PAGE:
September 24, 2008
It's a long lost cause I can never win
For the civilized world accepts as unforgivable sin
Any talking out loud with any librarian
Such as Marian ... Madam Librarian.
- The Music Man
It was a brilliant move by John McCain to name Sarah Palin as his running mate. In one swoop, he out-historic'ed the Democrats (and that in a much more comfortable position than that of outright president) and invoked some significant sex appeal (the use of which can never be questioned, lest the questioning be called sexist), while at the same time he drew back to his side many of the hard right Republicans who had been uncomfortable with the idea of so "liberal" an Oval House respresentative. He has the experience to be president -- and, as president, he is the one who has to have it, while any experience she might have is more of a bonus. After all, as his running mate and successor only in a theoretical what-if, she won't need to hit the ground running after the infamous 3 am telephone call, so she can always learn the technicalities of it while in office.
All we really know of her is that she is the governor of Alaska, neither particularly incompetent nor leaving an exceptional legacy. Even now, all that the efforts of all the blogosphere combined have managed to dig up is that there have been some stumbles and some glitches, but no outright fiascos. All the rest comes from a mélange of images and associations. Distant and dimly misunderstood land under the northern lights, land of romance and hardship and the ultimate testament to the validity of meritocracy. Land of strong frontier women who speak their minds and hold family values sacred, as the nature of frontier itself hones pioneer survival to the essentials. (I suspect no one has looked too closely at the kinds of houses they build in upper class Alaska, these days.) She won second prize in a beauty contest: and everyone who looks even once at her can attest to her gifts in that direction. The news of that somehow managed to come out almost immediately, certainly long before the questions of why she might wish to conduct business on a hidden personal e-mail account or what kind of person tells the access codes of an unguarded Internet use to everyone listening to speeches broadcast coast to coast to northern coast, never mind their open accessibility on her Wikipedia page.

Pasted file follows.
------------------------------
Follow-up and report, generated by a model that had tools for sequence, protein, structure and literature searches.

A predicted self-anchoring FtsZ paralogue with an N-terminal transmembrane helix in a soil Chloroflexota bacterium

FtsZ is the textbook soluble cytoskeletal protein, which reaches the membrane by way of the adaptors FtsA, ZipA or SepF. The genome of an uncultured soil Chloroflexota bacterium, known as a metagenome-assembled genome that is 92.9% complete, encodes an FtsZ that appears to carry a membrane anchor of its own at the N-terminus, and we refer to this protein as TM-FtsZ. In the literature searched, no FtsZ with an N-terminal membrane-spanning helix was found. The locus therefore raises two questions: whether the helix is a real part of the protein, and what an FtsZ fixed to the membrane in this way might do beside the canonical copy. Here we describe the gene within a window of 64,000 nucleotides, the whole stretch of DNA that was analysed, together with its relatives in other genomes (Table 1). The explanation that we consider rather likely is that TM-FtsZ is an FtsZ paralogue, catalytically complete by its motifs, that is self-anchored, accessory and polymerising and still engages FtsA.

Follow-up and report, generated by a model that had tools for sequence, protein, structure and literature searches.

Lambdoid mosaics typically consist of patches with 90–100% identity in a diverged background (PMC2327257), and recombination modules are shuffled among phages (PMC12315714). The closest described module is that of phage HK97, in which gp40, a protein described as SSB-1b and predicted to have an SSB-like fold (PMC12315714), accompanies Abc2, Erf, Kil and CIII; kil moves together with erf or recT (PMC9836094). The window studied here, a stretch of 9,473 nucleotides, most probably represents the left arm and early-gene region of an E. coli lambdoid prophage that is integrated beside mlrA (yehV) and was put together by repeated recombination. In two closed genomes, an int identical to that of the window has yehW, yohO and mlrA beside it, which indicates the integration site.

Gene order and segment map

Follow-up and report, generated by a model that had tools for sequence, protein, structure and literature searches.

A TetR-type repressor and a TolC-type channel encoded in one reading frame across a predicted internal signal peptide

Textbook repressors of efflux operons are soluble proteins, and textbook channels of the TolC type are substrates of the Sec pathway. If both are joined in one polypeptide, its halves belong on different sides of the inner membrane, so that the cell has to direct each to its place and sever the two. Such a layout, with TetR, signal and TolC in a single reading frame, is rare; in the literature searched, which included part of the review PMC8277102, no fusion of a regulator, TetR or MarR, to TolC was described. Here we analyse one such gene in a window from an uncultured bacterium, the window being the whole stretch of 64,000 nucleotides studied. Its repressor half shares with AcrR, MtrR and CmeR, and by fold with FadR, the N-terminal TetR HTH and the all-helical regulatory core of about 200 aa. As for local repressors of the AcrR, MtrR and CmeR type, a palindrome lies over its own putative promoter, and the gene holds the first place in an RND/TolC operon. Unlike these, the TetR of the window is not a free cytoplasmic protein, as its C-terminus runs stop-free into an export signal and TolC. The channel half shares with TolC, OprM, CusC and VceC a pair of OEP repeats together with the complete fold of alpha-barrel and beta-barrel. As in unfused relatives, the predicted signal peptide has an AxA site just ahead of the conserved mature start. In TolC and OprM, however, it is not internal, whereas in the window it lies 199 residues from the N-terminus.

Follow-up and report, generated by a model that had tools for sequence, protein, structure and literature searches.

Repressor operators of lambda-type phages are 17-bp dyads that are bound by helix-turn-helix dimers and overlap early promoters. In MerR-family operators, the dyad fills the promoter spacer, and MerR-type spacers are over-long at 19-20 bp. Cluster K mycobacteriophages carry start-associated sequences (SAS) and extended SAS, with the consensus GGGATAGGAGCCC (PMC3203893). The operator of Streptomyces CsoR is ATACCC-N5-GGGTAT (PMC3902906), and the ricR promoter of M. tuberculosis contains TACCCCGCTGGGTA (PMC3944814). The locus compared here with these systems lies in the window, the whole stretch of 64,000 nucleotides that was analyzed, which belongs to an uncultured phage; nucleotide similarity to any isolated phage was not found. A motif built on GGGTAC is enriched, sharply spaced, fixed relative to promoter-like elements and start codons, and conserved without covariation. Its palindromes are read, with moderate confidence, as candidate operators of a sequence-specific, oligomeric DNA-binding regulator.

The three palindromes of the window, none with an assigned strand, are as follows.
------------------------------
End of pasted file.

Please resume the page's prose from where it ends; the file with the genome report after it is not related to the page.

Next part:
(I have always held that much more information was openly available than people thought, or maybe were willing to admit. Most of it does not even require a hack, but lies open to the point that all could see, did they but think to look. Back at the beginning of September when all other news was starting to be drowned out by Gustav, how many thought to check Wikipedia edits, and notice that the entry on one of the darkest horses had been revised extensively in the last 48 hours before The Announcement?)
Toughness and sexuality and family values in one complete package.
Whatever she is, whatever uneasiness she inspires: McCain can always point to the fact that she will not be the president. To those on the other polarity, he can always suggest, in that strange virtual world of politics which makes us play with potentials we never really expect to use, that she will be a significant impact on his presidency (and perhaps even more, should he, among the oldest of candidates, happen to die in office). Much more valuable than the pitbull is the flower held by popular opinion to be delicate. Who dares being seen to be the one to trample it?
How can the tough questions not be asked of a vice presidential candidate? How can sexuality not come up in the context of a former beauty contest runner-up?
Now, finally, a few columnists are cautiously using the call of true feminist equality to ask why a candidate a heartbeat away from the presidency should be so shielded?
I just have one question: where were you people when it was Barack Obama being given the "respectful" pass and Hillary Clinton being lambasted?